In 1802, the Reverend Harris Bigg Wither of the Church of England proposed marriage to Austen, which she declined.[2] The reaction of her family is not known as, after Jane's death in 1817, her letters from the year 1802 were burned by her family, but the American scholar, John Halperin argues it is likely that her father (anxious for his daughter to be married so that he would no longer need to support her) would have viewed this with great disapproval.[3] In Mansfield Park, Sir Thomas Bertram harshly lectures Fanny Price for refusing the marriage proposal of Henry Crawford, telling her she was being disgracefully selfish in not marrying a man who would have brought great material advantage, even though he did not love her.[3] The novel ends with Fanny being vindicated for having rejected Henry

HMS Cleopatra commanded by Jane Austen's brother Captain James Austen, 1810-1811

Crawford as supremely unsuitable husband material.[3]

Another autobiographical link is with Austen's brother, Charles Austen, who served as a Royal Navy officer during the Napoleonic wars. In the novel, Fanny's brother William joins the Royal Navy as an officer, whose ship, the HMS Thrush is sited right next to the HMS Cleopatra at Spithead.[4] Captain Austen commanded the HMS Cleopatra during her cruise in North American waters to hunt French ships from September 1810 to June 1811. If the novel refers to the same ship in its historical context, this would date the main events of the novel as 1810–1811.[4] The gift that William gives Fanny of an amber cross echoes the gift of a topaz cross given by Captain Austen to his sister Jane before he set sail to the Royal Navy's North America stations in Halifax and Bermuda.[4]

Austen's sister, Cassandra, wanted the novel to end with Fanny marrying Henry; this dispute is one of the few known between the sisters.[3] John Halperin, also noted that Austen's mother loved all of her novels except Mansfield Park, which he suggests may have been in part because of the similarities between Sir Thomas and her husband.[3]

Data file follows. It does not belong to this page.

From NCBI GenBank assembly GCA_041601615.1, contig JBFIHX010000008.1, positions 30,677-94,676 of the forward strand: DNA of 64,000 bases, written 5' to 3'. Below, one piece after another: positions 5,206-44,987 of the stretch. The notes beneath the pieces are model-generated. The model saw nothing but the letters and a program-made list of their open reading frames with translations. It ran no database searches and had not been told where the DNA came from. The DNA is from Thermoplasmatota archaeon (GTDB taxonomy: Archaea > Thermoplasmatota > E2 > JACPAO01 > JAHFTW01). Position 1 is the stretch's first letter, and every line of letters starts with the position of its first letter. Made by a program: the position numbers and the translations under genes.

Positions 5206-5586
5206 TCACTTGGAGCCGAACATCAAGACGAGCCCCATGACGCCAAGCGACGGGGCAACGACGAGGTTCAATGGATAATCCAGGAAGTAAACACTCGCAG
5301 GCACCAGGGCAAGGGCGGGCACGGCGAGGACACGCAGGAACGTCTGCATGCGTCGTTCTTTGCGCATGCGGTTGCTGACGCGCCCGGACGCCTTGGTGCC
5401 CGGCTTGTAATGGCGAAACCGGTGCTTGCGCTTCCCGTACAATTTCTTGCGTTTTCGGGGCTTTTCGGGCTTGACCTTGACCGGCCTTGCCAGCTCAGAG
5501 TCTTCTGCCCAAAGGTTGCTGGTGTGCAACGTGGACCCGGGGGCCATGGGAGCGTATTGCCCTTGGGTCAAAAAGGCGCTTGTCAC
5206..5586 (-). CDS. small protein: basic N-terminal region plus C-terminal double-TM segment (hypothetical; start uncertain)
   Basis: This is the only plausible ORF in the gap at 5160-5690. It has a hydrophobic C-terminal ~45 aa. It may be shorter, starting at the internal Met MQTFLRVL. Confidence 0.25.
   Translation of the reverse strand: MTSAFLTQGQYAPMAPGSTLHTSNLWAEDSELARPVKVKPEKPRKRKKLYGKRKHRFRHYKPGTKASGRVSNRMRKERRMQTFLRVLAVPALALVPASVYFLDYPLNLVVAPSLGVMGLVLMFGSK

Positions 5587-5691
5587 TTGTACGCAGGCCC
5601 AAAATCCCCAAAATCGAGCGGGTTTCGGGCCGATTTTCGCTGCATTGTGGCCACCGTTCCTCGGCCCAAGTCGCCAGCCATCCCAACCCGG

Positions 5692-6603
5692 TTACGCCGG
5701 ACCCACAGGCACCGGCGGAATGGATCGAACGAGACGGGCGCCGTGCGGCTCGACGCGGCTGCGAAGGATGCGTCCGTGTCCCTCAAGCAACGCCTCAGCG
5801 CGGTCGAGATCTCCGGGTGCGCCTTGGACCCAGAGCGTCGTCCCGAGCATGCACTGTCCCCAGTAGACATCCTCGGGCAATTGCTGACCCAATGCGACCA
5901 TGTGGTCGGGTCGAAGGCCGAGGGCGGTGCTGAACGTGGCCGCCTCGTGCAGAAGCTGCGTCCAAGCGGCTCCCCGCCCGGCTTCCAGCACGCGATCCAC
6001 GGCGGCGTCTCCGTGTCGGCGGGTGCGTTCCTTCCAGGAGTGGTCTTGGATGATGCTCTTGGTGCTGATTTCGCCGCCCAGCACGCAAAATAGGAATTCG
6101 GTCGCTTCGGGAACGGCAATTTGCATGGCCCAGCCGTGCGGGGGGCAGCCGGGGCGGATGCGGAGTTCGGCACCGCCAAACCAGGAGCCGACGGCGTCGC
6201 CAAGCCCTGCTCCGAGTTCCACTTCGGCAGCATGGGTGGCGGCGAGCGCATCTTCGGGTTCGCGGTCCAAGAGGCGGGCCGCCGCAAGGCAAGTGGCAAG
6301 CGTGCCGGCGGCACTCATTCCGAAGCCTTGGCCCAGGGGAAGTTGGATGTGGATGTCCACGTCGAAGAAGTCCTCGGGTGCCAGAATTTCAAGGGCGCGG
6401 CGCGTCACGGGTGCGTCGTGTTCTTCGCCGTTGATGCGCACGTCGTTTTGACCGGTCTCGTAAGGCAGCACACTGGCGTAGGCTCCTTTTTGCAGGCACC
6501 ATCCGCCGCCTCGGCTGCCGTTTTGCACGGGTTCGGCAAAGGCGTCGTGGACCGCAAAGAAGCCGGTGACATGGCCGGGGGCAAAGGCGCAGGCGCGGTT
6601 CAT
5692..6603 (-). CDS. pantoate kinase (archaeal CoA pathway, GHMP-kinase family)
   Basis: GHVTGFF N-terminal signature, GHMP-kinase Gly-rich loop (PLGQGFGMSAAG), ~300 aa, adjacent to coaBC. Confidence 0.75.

Themes and symbols[edit]

Mansfield Park draws heavily on the symbolic meaning of locations and events. The first critic to draw attention to this was Virginia Woolf in 1913.[5] Several of these themes are discussed more extensively in further sections below. Three overtly symbolic events are: the visit to Sotherton and the locked gate at the ha-ha {ch.10), the extensive preparation for the theatricals (chs. 13-18), and the game of Speculation (ch. 25) where, says David Selwyn, the card game is a "metaphor for the game Mary Crawford is playing, with Edmund as stake"[6].[7]

Mansfield Park and landscape improvements[edit]

Landscape improvements - Gidea Hall, 1797 from an engraving made by Humphry Repton

Harold Bloom described Mansfield Park as belonging to the tradition of first generation Romantics who appreciated the sense of sublime quiet found in the countryside. The theme of country in conflict with city recurs throughout the book, symbolising that which is natural and life-renewing over against the artificial and corrupting effects of society. Alistair Duckworth noted that a recurring theme in Austen’s novels is the way the condition of the estates mirrors that of their owners. In Pride and Prejudice the fine condition of Pemberley is used as a testament to Mr. Darcy’s good character.[8]